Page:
On June 14, at the Linwood Dunn Theater of the Academy of Motion Picture Arts and Sciences, before an audience of nearly 200 people, Ralph Sargent of Film Technology Co., Inc. and Richard May of  Warner Bros.  presented a program entitled, “Progress in Film Preservation.” Sargent began the program with a film made for the SMPTE Film Conference held at Warner Bros.’ Steven Ross Theater in 1999 entitled, “Moving Images for the Future.” This served as a document of what was then current in photochemical and digital film restoration procedures and also as a launching pad for the question, “What’s changed in six years….”  

Beginning with the fact that, in spite of the common public perception to the contrary, 1) Film is still the dominant archival medium for moving images and 2) 90-95% of head-end archival/restoration work is performed in the photochemical domain. Sargent continued by giving the reasons why this was so: the time-proven physical robustness of the medium and the essential standards laid down by the founders of the SMPE, the forerunner of the SMPTE. Processes which have been given greater emphasis since 1999 and before were enumerated: The thoroughness of defect reporting and physical analysis of film originals to be used for element selection and restoration and that information’s incorporation into the film ’s historical record (metadata); mechanical and operational printing equipment refinements; the use of a combination of very new and very old printing equipment to achieve specific results; and finally, the extensive use of telecine examination of newly produced film elements for flaw detection and correction. A side benefit of telecine use is also the creation of 1-lite video elements for use during sound restoration.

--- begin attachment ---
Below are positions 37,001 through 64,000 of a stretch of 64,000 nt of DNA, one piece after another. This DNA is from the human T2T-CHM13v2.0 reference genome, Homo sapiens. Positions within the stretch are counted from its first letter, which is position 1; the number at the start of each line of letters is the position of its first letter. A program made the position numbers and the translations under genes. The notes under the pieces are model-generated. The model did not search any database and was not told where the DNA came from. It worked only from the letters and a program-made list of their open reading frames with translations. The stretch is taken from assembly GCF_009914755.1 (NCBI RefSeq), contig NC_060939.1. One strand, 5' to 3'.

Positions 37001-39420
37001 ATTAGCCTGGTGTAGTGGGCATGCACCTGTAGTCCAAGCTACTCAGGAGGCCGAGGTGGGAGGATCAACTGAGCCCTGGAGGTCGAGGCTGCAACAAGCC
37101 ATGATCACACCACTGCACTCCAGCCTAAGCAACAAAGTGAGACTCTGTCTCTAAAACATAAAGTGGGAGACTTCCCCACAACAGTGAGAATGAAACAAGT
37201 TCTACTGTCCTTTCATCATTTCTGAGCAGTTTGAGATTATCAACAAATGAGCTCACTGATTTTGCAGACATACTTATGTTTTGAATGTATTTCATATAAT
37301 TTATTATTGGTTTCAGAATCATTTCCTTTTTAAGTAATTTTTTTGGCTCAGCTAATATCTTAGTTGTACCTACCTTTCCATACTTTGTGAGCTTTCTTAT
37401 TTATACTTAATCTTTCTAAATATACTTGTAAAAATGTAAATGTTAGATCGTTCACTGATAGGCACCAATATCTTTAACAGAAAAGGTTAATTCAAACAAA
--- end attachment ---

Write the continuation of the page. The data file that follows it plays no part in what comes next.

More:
John Polito of Audio Mechanics then discussed the procedures involved in digital sound restoration. Polito reiterated the importance of a solid analysis of available sound elements for a production followed by a discussion of the care which must be taken when making the transfer of selected elements to the digital domain. Various examples were played which demonstrated the remarkable improvements which could be made when the work was performed by persons having aesthetic and technical knowledge of sound recording techniques appropriate to a given film ’s era. Finally, delivery media and their archiving were discussed with a heavy emphasis on the importance of saving original elements for the future.  

Paul Chapman of Fotokem Industries followed with a concise talk on various applications of digital scanning, manipulation and recording-out techniques for restoration and archival applications. Both the strengths and weakness of digital treatments were discussed as well as the somewhat “wild west” nature of various non-interchangeable data schemes currently in use. Chapman decried the short-term nature of current data software, storage devices and media and he also emphasized the need to preserve and protect a film ’s original elements.  

Ralph Sargent returned to the podium to wrap up the discussion portion of the evening by reviewing why the SMPE/SMPTE was founded and the relevant elements of its bylaws which made film the world-wide mechanism for top-quality moving-image interchange that it has been for the past 112 years. Sargent suggested that it was time for the digital world to adopt a similar approach for the digital archival medium, software and equipment of the future.  

The balance of the evening’s program was hosted by Ralph Sargent (for Grover Crisp, Sony Pictures Entertainment), Richard May (Warner Bros.), Barry Allen ( Paramount ) and Schawn Belston (20th Century Fox). Various clips were shown which illustrated before-and-after photochemical and/or digital restorations as well as comparison sequences utilizing different film manufacturers’ product. Silent clips were accompanied on the piano by Alan Stark of Film Technology Co., Inc.  “June is Bustin’ Out All Over,” from a digitally restored print of Carousel, brought this June program to a rousing conclusion. Lively discussion followed.